Auburn does not have two mascots. Auburn’s athletics teams are the Tigers and the mascot’s name is Aubie. War Eagle is Auburn’s battle cry and the symbol is a live golden eagle named Aurea, or War Eagle VIII, who lives at the Southeaster Raptor Center in Auburn University’s College of Veterinary Medicine. At the beginning of each football game, an eagle circles Jordan-Hare Stadium to the cries of “Warrrrrrrrr Eagle, Hey!” from fans.
Due to a lack of product liability insurance, Auburn University does not issue one-time trademark use approvals on consumables. Contact one of our licensed bakeries.
Information about masks, gaiters and all officially licensed Auburn University face coverings can be found at licensing.auburn.edu/masks. There is information there for employees, students and the public.
No. A permanent painting of Auburn University buildings, logos, mascots or other brand elements in an off-campus building implies a formal relationship between Auburn University and that entity. For information on partnering with Auburn Athletics, contact Auburn Sports Properties.
Yes. Auburn provides royalty-free authorizations for individuals and families who would like to use the Auburn logo on a headstone, urn, mausoleum plaque or other memorials. Please submit your request here.
Currently, Auburn University does not offer a Crafter’s licensing program. All licensees must go through the Collegiate Licensing Company or Auburn’s Artist Licensing Program (very limited products allowed). Find out how to get licensed.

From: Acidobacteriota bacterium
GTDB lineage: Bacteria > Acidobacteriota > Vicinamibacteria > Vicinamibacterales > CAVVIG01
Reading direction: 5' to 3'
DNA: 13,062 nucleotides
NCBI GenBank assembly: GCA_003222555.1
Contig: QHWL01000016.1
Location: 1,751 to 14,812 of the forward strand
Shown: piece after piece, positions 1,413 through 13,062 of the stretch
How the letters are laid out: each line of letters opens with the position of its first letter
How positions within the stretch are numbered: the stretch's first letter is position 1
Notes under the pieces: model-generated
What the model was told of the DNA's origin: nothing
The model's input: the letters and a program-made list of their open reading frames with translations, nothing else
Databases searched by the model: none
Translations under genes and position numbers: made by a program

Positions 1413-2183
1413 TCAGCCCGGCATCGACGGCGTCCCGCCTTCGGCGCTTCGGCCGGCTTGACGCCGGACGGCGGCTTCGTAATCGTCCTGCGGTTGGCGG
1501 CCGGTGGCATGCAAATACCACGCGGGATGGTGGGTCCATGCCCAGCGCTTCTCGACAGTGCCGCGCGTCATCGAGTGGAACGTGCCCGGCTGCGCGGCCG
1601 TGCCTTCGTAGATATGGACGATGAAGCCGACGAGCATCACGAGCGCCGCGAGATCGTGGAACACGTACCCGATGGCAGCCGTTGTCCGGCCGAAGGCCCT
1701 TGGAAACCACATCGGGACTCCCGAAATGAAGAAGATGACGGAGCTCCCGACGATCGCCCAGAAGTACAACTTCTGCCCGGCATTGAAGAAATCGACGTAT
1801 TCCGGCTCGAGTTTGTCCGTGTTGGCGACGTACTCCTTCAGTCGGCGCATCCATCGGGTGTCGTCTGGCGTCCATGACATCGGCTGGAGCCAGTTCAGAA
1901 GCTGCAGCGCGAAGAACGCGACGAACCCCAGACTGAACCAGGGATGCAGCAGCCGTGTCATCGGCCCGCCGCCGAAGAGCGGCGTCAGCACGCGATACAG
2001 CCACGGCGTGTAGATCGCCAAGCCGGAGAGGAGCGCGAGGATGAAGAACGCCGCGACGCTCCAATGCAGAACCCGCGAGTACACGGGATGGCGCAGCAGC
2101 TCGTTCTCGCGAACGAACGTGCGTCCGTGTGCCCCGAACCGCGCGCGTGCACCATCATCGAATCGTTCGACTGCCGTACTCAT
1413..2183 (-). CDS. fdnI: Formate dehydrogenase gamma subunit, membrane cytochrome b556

Look for the label! Product that has been approved and licensed by Auburn University will bear the Officially Licensed Collegiate Products label or hangtag. To ensure that you are purchasing merchandise that is AU-thentic and supports the University’s scholarship programs, look for the label before you buy. Find out more here. Report potentially unlicensed product here.
If you are making an item yourself that will not be sold or used for commercial purposes, you do not need a license.
No. In the United States, parties are not required to register their marks to obtain protectable rights. You can establish “common law” rights in a mark based solely on use of the mark in commerce, without a registration. However, owning a federal trademark registration on the Principal Register provides a number of significant advantages over common law rights alone, including:
- A legal presumption of your ownership of the mark and your exclusive right to use the mark nationwide on or in connection with the goods/services listed in the registration (whereas a state registration only provides rights within the borders of that one state, and common law rights exist only for the specific area where the mark is used);
- Public notice of your claim of ownership of the mark;
- Listing in the USPTO’s online databases;
- The right to use the federal registration symbol “® ”;
- The ability to bring an action concerning the mark in federal court; and
- The use of the U.S. registration as a basis to obtain registration in foreign countries.(Information from uspto.gov)
Sometimes a registration in the State of Alabama will be enough to protect the mark for the intended use. For more information about federal trademark registration, including fee structure, click here.
You should have received an email approving your request with a link to licensees approved to service campus groups. If you lost it, here it is.
According to the US Patent and Trademark Office, “a trademark includes any word, name, symbol, or device, or any combination used, or intended to be used, in commerce to identify and distinguish the goods of one manufacturer or seller from goods manufactured or sold by others, and to indicate the source of the goods.” View Auburn’s trademarks and brand elements